Michael Tilson Thomas’s recording of Mahler’s Third Symphony is an outstanding contribution to the composer’s discography.
Oliver Knussen burst into British music with an unprecedented flourish. In 1967, the London Symphony Orchestra premiered Knussen’s First Symphony, with István Kertész scheduled to conduct.
Based on performances given in Summer 2010 at the Lucerne Festival, this recording of Beethoven’s Fidelio is an admirable recording that captures the vitality of the work as conducted by Claudio Abbado.
Stanisław Moniuszko (1819-1872) was one of the most popular composers of his day in Poland, and of the many works he wrote for the stage, two are performed from time to time, Halka (1848) and Strazny dwór [The Haunted Manor] (1865).
The Polish alto Jadwiga Rappé is a familiar voice in various stage and concert works, and the recent release of a selection of songs by Stanisław Moniuszko (1819-1872) is an opportunity to hear her performing artsongs.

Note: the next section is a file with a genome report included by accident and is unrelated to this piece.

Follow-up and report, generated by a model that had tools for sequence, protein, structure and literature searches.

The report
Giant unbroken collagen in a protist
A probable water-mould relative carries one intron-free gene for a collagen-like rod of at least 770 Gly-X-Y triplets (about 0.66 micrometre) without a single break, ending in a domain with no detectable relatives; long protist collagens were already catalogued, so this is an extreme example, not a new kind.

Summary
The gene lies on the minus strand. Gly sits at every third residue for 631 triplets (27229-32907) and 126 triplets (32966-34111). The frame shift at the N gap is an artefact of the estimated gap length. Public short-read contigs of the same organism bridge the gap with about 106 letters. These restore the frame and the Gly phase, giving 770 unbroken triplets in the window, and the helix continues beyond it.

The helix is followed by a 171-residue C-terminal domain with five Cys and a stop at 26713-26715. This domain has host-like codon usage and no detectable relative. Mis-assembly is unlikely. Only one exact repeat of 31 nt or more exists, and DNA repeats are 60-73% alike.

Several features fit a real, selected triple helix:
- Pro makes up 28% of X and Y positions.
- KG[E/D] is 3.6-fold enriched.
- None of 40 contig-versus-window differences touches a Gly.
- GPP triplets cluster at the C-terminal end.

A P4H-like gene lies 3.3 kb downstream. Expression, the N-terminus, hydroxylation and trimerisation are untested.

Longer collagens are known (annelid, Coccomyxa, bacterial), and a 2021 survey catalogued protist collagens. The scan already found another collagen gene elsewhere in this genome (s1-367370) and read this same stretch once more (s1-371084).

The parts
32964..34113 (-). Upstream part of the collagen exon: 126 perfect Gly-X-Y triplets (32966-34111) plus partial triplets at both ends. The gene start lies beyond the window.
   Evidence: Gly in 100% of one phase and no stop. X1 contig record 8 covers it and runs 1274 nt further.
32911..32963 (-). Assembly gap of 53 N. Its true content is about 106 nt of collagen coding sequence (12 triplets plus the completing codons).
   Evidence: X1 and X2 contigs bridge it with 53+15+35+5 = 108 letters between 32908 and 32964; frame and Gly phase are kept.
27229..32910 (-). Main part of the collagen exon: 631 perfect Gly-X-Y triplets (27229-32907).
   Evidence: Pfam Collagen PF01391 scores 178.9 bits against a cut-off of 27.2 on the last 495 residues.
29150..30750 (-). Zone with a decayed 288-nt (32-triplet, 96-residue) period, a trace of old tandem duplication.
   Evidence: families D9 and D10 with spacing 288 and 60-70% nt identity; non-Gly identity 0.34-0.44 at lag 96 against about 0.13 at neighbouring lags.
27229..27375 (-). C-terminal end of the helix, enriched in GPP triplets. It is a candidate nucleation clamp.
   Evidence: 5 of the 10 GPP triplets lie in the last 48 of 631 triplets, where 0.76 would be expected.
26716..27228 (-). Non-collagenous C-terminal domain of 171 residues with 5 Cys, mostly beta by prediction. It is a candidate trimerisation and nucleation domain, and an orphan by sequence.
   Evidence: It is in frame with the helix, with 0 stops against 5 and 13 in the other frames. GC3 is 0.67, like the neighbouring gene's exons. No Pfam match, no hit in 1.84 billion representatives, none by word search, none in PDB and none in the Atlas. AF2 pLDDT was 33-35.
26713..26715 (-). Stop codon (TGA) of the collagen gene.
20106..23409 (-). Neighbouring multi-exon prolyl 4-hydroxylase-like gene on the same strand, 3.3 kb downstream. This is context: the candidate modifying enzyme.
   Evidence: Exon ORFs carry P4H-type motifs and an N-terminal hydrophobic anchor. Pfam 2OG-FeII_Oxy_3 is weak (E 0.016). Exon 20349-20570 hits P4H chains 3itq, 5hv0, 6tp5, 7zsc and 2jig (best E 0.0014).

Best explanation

Originally released on multiple discs in 1981 this reissue on two CDs is a comprehensive collection of art songs by Italian and French composers from the nineteenth and early twentieth centuries.
An exciting contribution to the discography of this popular opera, the live performance of Richard Strauss’s Salome from the Festspielhaus at Baden-Baden is a compelling DVD.
Released in late 2011, Deutsche Grammophon’s DVD of the new staging of Berg’s Lulu at the Gran Teatro del Liceu, Barcelona is an excellent contribution to the discography of this fascinating opera.
A recent release by the Metropolitan Opera, this two-disc set makes available on DVD the famous performance of Berg’s Lulu that was broadcast on 20 December 1980 as part of the PBS series “Live from the Met.”
The novels of Sinclair Lewis once shot across the American literary skies like comets, alarming and fascinating readers of that era, but their tails didn’t extend far behind them.